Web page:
The primary target for DNA methylation in mammalian genomes is cytosine in the dinucleotide CpG. High densities of CpG dinucleotides are found in CpG islands, but paradoxically CpG islands are normally in a non-methylated state. Here, we speculate why CpG islands are immune to methylation and why they are so rich in guanine and cytosine relative to the surrounding DNA. We propose that CpG islands are associated with promoters that are transcriptionally active at totipotent stages of development and can also act as origins of DNA replication. CpG islands may be 'footprints' caused by early DNA replication intermediates at dual function promoters of this kind.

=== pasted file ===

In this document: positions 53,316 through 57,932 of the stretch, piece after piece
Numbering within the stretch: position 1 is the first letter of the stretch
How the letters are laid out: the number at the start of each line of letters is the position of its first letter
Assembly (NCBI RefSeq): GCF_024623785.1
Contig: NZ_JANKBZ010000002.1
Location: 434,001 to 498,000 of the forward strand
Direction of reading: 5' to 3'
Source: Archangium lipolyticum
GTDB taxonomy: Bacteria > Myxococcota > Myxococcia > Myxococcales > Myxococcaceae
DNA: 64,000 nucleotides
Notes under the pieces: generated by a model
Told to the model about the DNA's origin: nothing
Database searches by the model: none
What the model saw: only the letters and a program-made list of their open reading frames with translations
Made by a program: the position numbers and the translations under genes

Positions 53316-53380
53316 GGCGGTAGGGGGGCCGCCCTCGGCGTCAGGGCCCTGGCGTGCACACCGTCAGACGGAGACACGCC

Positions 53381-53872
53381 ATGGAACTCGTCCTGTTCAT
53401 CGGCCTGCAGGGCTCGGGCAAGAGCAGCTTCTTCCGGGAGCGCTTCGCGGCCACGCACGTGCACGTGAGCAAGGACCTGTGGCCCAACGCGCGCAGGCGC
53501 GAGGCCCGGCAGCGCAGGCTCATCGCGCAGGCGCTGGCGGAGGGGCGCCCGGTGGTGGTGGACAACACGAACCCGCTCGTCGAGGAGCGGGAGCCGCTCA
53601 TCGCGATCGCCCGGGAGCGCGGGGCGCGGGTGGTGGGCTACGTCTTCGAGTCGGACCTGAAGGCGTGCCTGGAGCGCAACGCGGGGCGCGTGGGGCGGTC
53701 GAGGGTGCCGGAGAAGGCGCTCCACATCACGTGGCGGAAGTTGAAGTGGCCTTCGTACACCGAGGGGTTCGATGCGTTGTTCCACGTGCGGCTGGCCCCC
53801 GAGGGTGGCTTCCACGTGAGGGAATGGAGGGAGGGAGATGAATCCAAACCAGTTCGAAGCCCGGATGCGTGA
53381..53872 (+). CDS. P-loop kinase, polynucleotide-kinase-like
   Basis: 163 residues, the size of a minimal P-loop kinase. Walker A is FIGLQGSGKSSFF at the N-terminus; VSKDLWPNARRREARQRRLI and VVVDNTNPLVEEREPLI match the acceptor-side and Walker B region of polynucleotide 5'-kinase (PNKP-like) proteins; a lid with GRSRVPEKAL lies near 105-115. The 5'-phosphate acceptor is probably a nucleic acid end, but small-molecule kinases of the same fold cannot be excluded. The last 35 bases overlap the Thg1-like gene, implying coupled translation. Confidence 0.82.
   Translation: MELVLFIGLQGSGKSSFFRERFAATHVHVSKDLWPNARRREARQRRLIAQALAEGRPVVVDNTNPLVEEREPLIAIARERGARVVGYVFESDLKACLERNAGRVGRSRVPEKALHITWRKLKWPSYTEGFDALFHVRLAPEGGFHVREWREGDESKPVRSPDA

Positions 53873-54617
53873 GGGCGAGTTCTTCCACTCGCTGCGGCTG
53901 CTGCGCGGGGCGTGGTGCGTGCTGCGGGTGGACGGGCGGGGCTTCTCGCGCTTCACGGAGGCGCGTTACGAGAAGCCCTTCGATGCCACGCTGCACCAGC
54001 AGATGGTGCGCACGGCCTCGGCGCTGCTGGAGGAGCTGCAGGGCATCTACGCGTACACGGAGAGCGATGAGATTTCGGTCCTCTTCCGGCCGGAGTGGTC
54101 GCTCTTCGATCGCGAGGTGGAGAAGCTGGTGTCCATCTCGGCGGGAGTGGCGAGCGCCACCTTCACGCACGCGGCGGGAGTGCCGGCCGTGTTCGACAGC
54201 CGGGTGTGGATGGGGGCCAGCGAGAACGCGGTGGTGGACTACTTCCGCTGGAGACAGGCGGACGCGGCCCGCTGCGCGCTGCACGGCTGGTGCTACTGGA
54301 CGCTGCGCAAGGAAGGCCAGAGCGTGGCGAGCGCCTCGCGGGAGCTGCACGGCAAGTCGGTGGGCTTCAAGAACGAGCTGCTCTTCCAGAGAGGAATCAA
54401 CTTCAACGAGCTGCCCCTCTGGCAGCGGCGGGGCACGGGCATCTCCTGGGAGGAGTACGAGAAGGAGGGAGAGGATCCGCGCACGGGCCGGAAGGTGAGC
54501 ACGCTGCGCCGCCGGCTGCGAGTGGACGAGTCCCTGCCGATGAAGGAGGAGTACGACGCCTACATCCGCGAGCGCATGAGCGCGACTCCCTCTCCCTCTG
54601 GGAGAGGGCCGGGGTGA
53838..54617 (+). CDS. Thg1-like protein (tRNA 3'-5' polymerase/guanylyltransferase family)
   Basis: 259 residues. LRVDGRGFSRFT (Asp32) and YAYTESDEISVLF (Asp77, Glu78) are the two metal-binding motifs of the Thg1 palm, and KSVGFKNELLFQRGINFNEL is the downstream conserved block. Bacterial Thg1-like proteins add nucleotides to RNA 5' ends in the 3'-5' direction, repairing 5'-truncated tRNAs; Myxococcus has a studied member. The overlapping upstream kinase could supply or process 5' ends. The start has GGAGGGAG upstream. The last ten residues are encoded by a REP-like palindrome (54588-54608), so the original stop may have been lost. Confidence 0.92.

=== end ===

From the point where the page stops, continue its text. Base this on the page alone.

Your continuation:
Antequera, F., & Bird, A. (1999). CpG islands as genomic footprints of promoters that are associated with replication origins. Current Biology, 9(17). https://doi.org/10.1016/S0960-9822(99)80418-7